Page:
Black Friday economics
Emotion is the death of reason
I can’t say I’ve ever participated in the shenanigans of Black Friday.
It’s not that I don’t understand the concept, it’s simply that I haven’t found any deal compelling enough to remove myself from the comfort of my home, early in the morning, on a vacation from school, to stand in line and be pushed around.
I’m sure this will change at some point.
But the fact that millions of Americans are willing to go out on Black Friday, year in and year out, amazes me.
Some say this is no more than another example of American greed, stupidity and excess. I say there’s never been a better economic system devised in human history.
Black Friday encapsulates capitalism in its purest form, with low prices driving massive consumer behavior.
Aside from the substantial jump in sales that companies, both small and large, enjoy from Black Friday, events like Black Friday are crucial to the American economy.
The U.S. does well when its citizens are wealthy. When its citizens are wealthy, they’re able to go out and buy things. Ideally the merchandise they purchase would be from American companies, but either way, the company benefits, the government collects taxes and the company pays its workers.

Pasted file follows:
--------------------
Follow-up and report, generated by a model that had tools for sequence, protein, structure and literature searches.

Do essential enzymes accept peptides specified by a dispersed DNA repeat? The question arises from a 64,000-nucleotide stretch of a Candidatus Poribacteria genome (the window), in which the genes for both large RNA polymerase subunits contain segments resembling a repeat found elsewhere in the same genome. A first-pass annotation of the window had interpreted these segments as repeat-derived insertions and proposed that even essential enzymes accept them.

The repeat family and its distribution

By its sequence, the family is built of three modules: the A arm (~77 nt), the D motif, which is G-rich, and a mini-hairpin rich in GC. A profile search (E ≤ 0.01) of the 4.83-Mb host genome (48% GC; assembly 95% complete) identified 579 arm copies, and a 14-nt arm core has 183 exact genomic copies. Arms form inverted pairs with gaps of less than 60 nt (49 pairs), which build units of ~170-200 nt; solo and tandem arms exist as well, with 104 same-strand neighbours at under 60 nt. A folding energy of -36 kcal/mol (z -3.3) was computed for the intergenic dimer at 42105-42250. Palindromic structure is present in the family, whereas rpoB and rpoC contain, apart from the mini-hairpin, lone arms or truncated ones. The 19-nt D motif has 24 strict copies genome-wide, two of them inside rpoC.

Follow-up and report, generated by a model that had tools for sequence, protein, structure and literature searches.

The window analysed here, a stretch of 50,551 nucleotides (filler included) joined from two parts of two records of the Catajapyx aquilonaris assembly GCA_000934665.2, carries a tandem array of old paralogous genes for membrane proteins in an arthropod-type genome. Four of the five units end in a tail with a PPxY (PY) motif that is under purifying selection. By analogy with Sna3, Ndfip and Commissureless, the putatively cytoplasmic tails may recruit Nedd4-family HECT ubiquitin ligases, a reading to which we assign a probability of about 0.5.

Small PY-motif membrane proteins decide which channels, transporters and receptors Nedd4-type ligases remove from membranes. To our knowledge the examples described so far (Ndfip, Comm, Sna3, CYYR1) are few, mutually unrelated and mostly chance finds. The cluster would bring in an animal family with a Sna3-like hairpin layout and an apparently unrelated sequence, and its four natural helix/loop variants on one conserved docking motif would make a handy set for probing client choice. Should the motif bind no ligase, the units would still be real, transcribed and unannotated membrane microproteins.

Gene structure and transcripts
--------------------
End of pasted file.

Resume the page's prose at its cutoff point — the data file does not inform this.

Then the cycle repeats.
Admittedly, it would be unwise to have a Black Friday once a month; however, couple Black Friday with other sales throughout the year and these events begin to serve a legitimate purpose. Not only to make companies money, but to remind the American consumer, “Hey, get out and buy things!”
I plan on going out this Black Friday. No camping, no waking up early. Nothing too extreme, but I might as well get some sort of deal on things I already plan on buying.
In doing so, I’d like to think I’m helping the American economy. Naturally, my contribution isn’t substantial. But, as part of a whole, the money I spend can end up making a positive change on our economy, and by extension, our livelihoods.
It’s not charity. I also benefit from this economic system, one of the wonders of modern economics.
So this Black Friday, when you go bargain-hunting, know you’re not just serving yourself. Know you’re part of something bigger than yourself. Know you’re part of an economic movement that benefits us all.
Maybe we can all feel a bit less guilty that way.
Jonathan Deemer is a sophomore studying biomedical science.